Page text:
Reviews - What do customers think about Renewing Catechetical Ministry: A Future Agenda?
Destroying Catechetical Ministry: A Dissenter's Agenda Feb 10, 2010
After hearing this particular author speak and reading his book, it is obvious that he not only has a distorted view of the Church, but a distorted view and aim of catechesis. For him, we need to first get rid of the Catechism. The reason why his view of catechesis has to move away from the catechism is because he disagrees with half of the doctrine in it (ie. original sin, holy orders, magisterium, etc.) He is just another resounding gong of the dissenting school of catechesis.
"Without intending to be disrespectful, we need to state that the CCC of its very nature promotes an understanding of catechesis that has its roots in the pre-Vatican II era and presupposes an ecclesiology rooted in that same era...it actually threatens to reverse rather than complete the renewal of catechesis begun at Vatican II" -pg. 5. He states in the appendix again that the CCC can be an obstacle to Vatican II. He states that Vat II called for a move away from cognitive catechesis to "discipleship."
For Reichert, we need to look at experience and share our own stories. We need to make smal intergenerational groups that share their stories and experiences in order to come to faith. I can reflect on my experience till the cows come home, but I will never get at the revealed truths of the faith. There is a specific content to catechesis, namely the deposit of faith, which has been so beautifully laid out in the catechism, to hand on in its integrity. One thing that stood out for me was the small, intergenerational groups he wants instead of classrooms. It sounds like he is trying to replace the family. Classrooms are where you get an age-appropriate systematic presentation of the faith. This is impossible in an intergenerational small group.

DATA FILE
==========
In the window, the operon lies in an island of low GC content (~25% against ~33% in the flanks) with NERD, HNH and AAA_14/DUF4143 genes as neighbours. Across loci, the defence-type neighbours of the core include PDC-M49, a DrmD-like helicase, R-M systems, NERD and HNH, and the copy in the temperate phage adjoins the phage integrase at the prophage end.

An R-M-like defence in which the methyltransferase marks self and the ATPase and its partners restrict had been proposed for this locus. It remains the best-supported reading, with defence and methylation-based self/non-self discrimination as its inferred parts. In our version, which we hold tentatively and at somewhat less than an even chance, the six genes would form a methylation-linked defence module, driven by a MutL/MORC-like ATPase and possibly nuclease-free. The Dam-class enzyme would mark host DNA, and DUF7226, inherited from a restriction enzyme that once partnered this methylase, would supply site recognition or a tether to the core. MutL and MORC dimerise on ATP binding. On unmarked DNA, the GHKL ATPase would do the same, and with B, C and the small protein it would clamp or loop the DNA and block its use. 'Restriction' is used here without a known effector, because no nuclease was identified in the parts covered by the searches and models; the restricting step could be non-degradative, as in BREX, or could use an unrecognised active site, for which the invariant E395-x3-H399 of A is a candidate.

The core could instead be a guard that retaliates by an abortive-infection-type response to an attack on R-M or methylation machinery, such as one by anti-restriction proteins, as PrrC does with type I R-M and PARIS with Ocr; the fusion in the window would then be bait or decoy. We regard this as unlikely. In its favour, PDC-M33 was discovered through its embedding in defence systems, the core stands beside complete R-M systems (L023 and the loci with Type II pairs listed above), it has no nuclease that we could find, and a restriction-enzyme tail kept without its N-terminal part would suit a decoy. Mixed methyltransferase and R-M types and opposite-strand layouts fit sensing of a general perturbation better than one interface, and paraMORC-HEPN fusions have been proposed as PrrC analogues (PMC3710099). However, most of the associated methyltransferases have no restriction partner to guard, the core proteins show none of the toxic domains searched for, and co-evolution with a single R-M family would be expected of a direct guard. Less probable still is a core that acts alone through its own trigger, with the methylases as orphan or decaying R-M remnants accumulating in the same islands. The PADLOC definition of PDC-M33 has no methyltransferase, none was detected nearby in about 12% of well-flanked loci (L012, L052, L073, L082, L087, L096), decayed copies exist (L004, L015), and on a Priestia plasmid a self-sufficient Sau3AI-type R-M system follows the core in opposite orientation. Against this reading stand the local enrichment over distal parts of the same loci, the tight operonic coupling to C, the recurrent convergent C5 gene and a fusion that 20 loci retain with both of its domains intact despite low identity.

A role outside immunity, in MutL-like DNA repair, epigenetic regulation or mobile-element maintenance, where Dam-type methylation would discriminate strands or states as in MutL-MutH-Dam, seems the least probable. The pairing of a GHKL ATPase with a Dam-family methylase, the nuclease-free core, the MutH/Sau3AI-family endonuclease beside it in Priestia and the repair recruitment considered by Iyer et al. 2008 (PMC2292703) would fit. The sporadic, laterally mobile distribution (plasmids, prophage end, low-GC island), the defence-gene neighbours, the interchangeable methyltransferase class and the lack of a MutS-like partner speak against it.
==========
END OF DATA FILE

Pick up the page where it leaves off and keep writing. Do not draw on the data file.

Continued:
From the talk I heard of Mr. Reichert, he boldly stated that we need to ordain women, de-institutionalize the Church, and re-examine doctrines and dogmas in light of human experience and new theologies.
You may read in the book that he uses church documents and the like, but he takes them out of the context of the whole of the church's understanding of catechesis and what it means to be a Catholic.
This book is just another display of the rhetoric and jargon used to justify dissenting authors' views and opinions. The sad part is that because they are "professionals" in the field, they are taken as authoritative. Even from a purely educational standpoint, his ideas are uneducated and impractical.
His aim for catechesis is "discipleship." If he is an example of what it means to be a disciple, count me out.